These are two of many personal stories told by members of the Des Moines religious community this year as part of The Comparison Project at Drake University. They provide a collection of brief, two- to four-minute snapshots of life as experienced by members of various faiths, especially those that tend to be less familiar to others or commonly misunderstood.
“These personal narratives teach us something about the basic beliefs and practices of religion but through a very personal lens,” says Tim Knepper, associate professor of philosophy. “Through them, we learn how people are actually practicing religion and ‘living’ their religion here in Des Moines.”
Drake students have become teachers in Knepper’s Religions of Des Moines class, helping community members learn the technical skills they need to write, compile, and produce their stories. “In the process, their own learning experience goes well beyond reading about a religion in a book or a Wikipedia article,” says Knepper. “They connect in a personal way with religions that can otherwise seem foreign and strange.”
The Ethics of Health
While many scholars of international relations focus on security issues, military affairs, and war, Debra DeLaet has always been drawn to more everyday political issues, over time becoming more deeply engaged in global health and human rights challenges. “There’s an obvious intersection with ethics there.”
As DeLaet, professor of politics and international relations, begins her appointment as the new Herb and Karen Baum Chair of Ethics and the Professions, she’s driven by an overarching inquiry: In everyday life, how can we promote and achieve change to improve the well-being of populations, affect the longevity and quality of human life, and protect human rights?
Health professionals, she says, are pivotal.
“In my field there’s a tendency to focus on and presume that organizations created exclusively for the purpose of human rights advocacy are the best vehicles for promoting change,” says DeLaet of groups like Amnesty International and Human Rights Watch. While DeLaet stresses that such organizations are doing important work, she points to the power of organ-izations created for other purposes. “In some cases where there’s been a successful change of culture, it happens not because you have a human rights advocacy organization condemning a practice but because you have an association of health professionals working with other community leaders to nudge toward change,” she explains, describing successful community efforts to reduce the incidence of harmful traditional practices such as nontherapeutic genital cutting and shifts in medical training programs that incorporate the public dimensions of health.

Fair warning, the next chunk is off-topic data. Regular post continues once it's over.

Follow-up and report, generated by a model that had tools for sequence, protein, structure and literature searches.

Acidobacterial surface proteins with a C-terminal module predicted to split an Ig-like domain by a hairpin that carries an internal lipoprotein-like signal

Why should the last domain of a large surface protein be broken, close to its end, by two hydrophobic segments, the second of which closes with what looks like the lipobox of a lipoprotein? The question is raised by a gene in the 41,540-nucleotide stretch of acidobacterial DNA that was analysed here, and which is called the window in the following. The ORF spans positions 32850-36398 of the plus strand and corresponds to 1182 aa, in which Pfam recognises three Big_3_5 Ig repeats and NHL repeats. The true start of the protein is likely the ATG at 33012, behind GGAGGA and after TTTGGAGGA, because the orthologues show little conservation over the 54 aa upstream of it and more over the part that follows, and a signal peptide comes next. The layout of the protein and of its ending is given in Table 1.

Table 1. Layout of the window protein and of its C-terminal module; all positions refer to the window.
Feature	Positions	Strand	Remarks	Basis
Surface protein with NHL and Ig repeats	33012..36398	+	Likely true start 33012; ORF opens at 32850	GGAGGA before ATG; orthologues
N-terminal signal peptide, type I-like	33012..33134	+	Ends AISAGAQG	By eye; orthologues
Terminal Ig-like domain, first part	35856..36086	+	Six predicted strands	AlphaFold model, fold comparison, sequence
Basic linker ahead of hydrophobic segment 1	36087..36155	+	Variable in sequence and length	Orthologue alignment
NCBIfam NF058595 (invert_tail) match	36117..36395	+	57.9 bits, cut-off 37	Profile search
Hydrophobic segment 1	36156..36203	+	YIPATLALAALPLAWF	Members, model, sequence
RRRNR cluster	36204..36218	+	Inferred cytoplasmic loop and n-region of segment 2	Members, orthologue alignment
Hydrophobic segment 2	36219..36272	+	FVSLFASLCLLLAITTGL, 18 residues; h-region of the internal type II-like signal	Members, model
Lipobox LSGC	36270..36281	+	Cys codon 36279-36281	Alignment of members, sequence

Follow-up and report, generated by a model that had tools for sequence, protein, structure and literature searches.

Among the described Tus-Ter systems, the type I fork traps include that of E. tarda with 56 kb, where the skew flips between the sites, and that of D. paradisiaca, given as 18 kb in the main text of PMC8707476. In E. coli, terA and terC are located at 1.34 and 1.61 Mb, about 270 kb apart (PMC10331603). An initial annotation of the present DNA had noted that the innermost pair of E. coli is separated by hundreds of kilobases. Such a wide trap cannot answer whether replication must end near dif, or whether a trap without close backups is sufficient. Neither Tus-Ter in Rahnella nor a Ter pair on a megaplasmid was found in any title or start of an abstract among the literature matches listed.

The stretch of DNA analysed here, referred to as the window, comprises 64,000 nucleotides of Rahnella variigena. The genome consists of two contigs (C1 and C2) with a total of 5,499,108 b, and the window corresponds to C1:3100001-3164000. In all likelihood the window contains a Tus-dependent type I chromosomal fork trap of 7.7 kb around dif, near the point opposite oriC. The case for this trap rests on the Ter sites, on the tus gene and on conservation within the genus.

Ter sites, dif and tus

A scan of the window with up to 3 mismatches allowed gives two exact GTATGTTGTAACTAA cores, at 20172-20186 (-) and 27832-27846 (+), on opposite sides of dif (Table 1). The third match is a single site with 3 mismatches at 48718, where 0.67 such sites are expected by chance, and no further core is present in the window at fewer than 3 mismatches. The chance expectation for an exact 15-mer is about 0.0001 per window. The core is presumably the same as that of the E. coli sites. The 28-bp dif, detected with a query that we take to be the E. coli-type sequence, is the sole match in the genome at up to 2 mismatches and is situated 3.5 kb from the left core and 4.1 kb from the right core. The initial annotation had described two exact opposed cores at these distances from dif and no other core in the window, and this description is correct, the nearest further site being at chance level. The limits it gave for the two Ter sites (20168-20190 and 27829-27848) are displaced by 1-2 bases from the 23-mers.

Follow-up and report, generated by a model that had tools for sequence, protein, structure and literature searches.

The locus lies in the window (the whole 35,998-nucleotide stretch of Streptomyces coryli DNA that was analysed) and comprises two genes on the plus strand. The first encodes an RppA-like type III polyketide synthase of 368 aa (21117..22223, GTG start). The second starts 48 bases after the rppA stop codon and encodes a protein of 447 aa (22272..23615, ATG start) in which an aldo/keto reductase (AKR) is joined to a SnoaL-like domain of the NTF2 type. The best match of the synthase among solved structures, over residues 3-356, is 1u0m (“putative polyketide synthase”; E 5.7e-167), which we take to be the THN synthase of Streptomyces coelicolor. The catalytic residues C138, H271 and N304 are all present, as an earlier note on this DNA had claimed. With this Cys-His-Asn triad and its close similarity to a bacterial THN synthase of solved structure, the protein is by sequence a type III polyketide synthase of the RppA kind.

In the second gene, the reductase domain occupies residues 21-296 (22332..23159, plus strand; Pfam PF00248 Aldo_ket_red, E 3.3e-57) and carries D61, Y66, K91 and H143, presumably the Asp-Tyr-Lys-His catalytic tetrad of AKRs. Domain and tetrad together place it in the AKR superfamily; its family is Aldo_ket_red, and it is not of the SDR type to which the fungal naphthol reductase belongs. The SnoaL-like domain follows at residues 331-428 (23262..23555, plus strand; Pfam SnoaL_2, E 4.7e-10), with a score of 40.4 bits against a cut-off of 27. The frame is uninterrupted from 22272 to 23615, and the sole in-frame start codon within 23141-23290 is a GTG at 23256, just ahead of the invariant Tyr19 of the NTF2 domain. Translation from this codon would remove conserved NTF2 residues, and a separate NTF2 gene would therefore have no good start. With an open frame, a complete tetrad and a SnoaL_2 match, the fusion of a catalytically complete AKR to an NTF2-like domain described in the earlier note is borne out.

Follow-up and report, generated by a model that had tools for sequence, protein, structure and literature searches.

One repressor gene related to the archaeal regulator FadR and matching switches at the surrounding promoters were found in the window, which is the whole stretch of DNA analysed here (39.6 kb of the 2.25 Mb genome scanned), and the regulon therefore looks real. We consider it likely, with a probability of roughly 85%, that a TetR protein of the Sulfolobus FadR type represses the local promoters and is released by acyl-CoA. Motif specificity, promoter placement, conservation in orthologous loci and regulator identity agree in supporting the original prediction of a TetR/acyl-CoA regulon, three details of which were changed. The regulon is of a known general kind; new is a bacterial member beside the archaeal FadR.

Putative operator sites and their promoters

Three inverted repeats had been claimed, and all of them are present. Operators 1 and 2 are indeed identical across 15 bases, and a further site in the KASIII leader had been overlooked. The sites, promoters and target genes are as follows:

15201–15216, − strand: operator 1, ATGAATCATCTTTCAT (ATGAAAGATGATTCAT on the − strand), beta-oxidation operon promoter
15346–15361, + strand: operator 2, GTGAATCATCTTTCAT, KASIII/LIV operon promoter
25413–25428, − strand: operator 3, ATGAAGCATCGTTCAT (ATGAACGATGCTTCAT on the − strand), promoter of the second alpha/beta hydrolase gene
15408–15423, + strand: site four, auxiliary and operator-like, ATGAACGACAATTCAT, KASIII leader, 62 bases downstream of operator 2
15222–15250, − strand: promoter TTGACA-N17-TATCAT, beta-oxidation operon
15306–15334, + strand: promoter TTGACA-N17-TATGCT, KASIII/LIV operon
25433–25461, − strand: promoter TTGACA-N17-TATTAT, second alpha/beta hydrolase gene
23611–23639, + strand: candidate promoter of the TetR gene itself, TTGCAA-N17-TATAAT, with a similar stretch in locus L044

Such are the more subtle and less romanticized channels through which conversations, guidelines, practice, and recommendations can promote change, says DeLaet, the second Drake professor to hold the endowed position made possible by a $2 million gift to distinctlyDrake by Herb Baum, BN’59, and his wife, Karen, in 2010.
As chair, she plans to bring together students, staff, faculty, and community partners—through brown bag seminars and reading groups—to expand a conversation about ways to meet the fundamental health needs in the immediate community. Practitioners from health clinics, hospital physicians, Red Cross representatives, and groups working locally with refugees may all bring insight to the discussion, which must, stresses DeLaet, move beyond biological and behavioral factors.
“If we really want better population health outcomes, you have to address the socioeconomic determinants of health— which means poverty,” says DeLaet of what she predicts will be challenging discussions. “I hope to move us out of our silos—where those training, say, pre-med students are only covering the basic biological principles they need to master to be ready for med school. We need to broaden the education of undergraduate students, who may go on to work in any sort of health profession, to pay close attention to the social, political, and economic factors that shape health.”